Meet nine new “shlihim” — emissaries from Israel who are serving area synagogues, schools, and Jewish organizations — on a program through the Jewish Federation of Greater MetroWest NJ. The six rishonim — who are just out of high school — and the tzi’irim — young shlihim who are post-army service — spend their time here sharing their insights about and experiences of Israel at area schools, synagogues, and institutions through the federation’s Legow Family Israel Program Center. They also receive funding through the federation and the Jewish Agency for Israel.
All are under the supervision of Moshe Levi, who is serving a three-year term as the federation’s community shaliah.
The shlihim tzi’irim are young adults in their 20s who have already fulfilled their service in the IDF — some have earned a degree from an Israeli university — and they have the option to remain here for one or two years. Part of a new pilot program this year, each is serving a different major Jewish denomination, working with selected synagogues that have joined the initiative and, said Levi, “bringing Israel into the synagogues in a deeper and more real way.” They are focusing on adult education, working with educators and engaging congregants with Israel and Israel programs. In the case of the shaliah assigned to Reform congregations, a partnership was formed with the Union for Reform Judaism and Camp Harlam, a Reform Jewish camp in Kunkletown, Pa., where that shaliah will work next summer. Each shaliah tza’ir lives in his or her own apartment located in different areas of the community.
The rishonim are 18-year-old high school graduates who have deferred their military service for one year to serve as emissaries. They will spend the year telling stories of their lives, their country, and their observations of America. They are assigned to Greater MetroWest’s four day schools and more than 20 synagogues in the area.
Each is hosted by two local families, each for six months. “The families are a major component of their experience,” said Levi, “since they are not just giving to the community, but also learning a lot about the American-Jewish community and their own Jewish identity. We are always looking for more families to join the project.”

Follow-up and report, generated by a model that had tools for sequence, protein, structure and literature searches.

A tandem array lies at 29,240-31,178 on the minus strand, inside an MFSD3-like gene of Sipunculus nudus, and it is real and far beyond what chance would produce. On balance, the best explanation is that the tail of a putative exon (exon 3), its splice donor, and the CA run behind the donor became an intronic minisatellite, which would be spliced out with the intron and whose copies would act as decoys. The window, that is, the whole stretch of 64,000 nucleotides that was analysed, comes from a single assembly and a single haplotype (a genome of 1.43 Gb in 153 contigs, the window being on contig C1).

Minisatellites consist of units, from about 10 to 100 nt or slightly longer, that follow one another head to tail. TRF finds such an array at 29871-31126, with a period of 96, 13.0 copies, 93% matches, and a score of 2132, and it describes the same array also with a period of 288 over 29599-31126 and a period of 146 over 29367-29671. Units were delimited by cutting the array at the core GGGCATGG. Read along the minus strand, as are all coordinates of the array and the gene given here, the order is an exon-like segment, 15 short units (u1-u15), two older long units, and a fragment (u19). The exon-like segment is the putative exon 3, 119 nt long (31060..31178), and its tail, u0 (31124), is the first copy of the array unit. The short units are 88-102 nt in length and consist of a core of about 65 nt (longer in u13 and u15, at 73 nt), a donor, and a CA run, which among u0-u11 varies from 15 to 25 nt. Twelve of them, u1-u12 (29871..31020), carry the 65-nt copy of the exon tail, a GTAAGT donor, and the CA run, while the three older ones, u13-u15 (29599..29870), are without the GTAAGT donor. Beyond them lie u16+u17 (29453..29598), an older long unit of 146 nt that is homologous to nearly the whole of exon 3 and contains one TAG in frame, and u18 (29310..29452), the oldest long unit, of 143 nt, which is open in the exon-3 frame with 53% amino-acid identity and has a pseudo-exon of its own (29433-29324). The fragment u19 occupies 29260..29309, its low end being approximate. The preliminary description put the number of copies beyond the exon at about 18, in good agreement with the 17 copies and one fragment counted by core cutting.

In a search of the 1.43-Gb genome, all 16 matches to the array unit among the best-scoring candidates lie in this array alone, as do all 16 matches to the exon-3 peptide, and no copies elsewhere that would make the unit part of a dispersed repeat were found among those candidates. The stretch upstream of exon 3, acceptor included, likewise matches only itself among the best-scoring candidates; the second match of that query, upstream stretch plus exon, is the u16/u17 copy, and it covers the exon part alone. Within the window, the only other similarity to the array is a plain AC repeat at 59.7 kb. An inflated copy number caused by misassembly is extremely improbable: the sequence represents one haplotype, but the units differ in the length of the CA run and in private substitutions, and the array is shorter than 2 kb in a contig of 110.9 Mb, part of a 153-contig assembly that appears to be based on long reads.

According to Levi, the GMW delegation of shlihim is the largest under one federation in the United States.
MORAN SHEVACH lives in Kiryat Shemona near the Lebanese border. She completed her university studies in international relations at The Hebrew University and wishes to work in the field of Jewish education.
In her role as shliha, she is working with Conservative congregations Temple Shalom in Succasunna, Congregation Agudath Israel in Caldwell, Morristown Jewish Center Beit Yisrael, and Oheb Shalom Congregation in South Orange, as well as with Jewish students at Drew, Seton Hall, Kean, Fairleigh Dickinson, and Montclair State universities.
“I think people should know everything about Israel, the good and the bad,” said Shevach, who describes herself as “secular.” “Israel gives the Jews an opportunity to live more peacefully. It is very different here, and people should maintain their Judaism and teach their children Hebrew even if they are not religious.”
LAVI HOFFMANN is a Reform Jew from Jerusalem who is assigned to four Reform congregations — Temple Emanu-El in Westfield, Temple Emanu-El of West Essex in Livingston, Temple Har Shalom in Warren, and Congregation B’nai Jeshurun in Short Hills.
“I grew up in a Reform community but I did not know enough about the very important connection between the community in North America and in the world with Israel,” said Hoffmann. “We are here to build relationships and make connections between Jews all around the world.
“My message is to explain that there a lot of things that are different between the Israeli community and the Jewish community here, but in the end we are basically the same.”